Greece to get new loans
The Eurogroup ministers have agreed to give Greece further loans to the tune of 8.5 billion euros but failed to reach a consensus on another topic: contrary to the wishes of the International Monetary Fund (IMF) they won't make a decision on debt relief until 2018. For Europe's commentators the outcome of the negotiations is anything but a happy end.
A false victory
Protagon sees no cause for celebration:
“The hope that we would receive debt relief hasn't been fulfilled; it was always a chimera in this current phase. After all, elections are soon to take place in Germany. The government had to go through a lot before it finally understood this. … The prime minister hurried to announce the agreement in advance. So it was a 'victory' even though the country will be left out of the [ECB's] quantitative easing programme - which was the main goal just a few days ago. … And despite the fact that the eagerly anticipated decision on debt relief will now be postponed until 2018.”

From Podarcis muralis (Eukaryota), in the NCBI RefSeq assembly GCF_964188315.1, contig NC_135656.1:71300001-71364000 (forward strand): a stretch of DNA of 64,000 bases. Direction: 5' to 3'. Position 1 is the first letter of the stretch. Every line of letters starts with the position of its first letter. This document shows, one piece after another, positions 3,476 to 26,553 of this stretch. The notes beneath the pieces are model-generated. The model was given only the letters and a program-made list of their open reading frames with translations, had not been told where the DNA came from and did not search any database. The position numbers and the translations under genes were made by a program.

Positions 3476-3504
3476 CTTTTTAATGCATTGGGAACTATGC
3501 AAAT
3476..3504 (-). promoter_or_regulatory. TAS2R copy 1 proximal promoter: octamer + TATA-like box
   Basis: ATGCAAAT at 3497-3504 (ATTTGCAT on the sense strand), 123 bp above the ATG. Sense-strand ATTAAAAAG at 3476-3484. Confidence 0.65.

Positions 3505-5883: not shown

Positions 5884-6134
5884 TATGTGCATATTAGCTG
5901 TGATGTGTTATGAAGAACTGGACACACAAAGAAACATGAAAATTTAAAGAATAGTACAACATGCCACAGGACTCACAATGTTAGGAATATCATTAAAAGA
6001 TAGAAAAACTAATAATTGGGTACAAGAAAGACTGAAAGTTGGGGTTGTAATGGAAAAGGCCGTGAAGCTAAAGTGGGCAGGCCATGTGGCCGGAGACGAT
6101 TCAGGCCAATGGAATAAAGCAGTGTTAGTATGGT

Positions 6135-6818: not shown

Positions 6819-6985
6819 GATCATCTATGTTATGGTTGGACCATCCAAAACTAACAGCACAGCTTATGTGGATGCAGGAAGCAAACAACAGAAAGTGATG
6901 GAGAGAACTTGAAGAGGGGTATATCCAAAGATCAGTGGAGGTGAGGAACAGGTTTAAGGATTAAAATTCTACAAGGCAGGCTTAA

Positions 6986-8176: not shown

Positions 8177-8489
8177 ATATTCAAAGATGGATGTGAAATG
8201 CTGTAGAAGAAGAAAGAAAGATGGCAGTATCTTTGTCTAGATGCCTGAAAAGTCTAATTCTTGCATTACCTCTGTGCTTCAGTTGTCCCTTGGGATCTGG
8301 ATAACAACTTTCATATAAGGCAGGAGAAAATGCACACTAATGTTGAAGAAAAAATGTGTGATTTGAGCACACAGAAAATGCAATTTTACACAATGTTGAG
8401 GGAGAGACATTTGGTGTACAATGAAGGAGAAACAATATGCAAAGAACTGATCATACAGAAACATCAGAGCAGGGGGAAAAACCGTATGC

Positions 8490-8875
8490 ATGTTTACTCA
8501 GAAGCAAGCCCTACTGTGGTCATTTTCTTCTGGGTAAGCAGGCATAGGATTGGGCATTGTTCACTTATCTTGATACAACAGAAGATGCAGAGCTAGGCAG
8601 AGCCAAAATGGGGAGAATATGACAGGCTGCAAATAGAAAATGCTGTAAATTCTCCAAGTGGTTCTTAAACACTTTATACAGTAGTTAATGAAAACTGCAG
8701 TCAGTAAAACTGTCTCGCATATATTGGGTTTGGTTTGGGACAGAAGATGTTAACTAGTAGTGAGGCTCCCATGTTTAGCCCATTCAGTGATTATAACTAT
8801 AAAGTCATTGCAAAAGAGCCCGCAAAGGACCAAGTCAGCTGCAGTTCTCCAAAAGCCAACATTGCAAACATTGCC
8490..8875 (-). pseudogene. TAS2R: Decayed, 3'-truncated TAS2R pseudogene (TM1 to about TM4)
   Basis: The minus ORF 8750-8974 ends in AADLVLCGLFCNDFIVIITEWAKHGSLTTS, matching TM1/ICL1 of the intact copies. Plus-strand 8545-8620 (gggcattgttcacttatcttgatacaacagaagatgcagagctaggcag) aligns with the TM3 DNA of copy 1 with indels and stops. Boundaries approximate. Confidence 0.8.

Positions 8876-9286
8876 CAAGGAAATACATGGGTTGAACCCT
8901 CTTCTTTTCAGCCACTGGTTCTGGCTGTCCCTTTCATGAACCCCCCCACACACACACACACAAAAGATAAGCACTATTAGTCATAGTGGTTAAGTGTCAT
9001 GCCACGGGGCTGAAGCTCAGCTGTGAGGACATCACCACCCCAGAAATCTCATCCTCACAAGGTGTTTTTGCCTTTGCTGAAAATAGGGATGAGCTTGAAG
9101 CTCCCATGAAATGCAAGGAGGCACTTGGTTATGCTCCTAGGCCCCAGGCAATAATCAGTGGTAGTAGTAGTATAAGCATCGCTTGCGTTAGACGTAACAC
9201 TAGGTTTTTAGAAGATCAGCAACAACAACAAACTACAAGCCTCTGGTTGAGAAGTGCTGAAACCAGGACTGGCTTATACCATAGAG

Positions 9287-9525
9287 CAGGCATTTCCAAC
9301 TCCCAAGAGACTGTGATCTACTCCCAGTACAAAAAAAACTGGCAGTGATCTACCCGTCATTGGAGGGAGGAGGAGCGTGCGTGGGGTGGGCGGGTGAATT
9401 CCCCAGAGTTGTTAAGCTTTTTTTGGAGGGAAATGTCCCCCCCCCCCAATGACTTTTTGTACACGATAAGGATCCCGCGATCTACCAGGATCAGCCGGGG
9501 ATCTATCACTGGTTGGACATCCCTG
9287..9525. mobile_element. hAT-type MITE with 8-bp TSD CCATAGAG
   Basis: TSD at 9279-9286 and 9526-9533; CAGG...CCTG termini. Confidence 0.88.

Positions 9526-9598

Is Macron Tsipras's last hope?
Alexis Tsipras has once again been forced to kowtow to the country's creditors, Il Sole 24 Ore sighs:
“After the Eurogroup's compromise, what the Greek prime minister will do now is anyone's guess. And this despite his having promised his country that this time debt relief would be granted in return for the new sacrifices demanded by the troika, and that the country would receive aid through the ECB's bond-buying programme. That would have enabled the country to return to the capital markets. He could put Greece on the agenda for discussion at the EU summit on June 22. As the austerity policy eats away at Tsipras's support, much now depends on French President Macron.”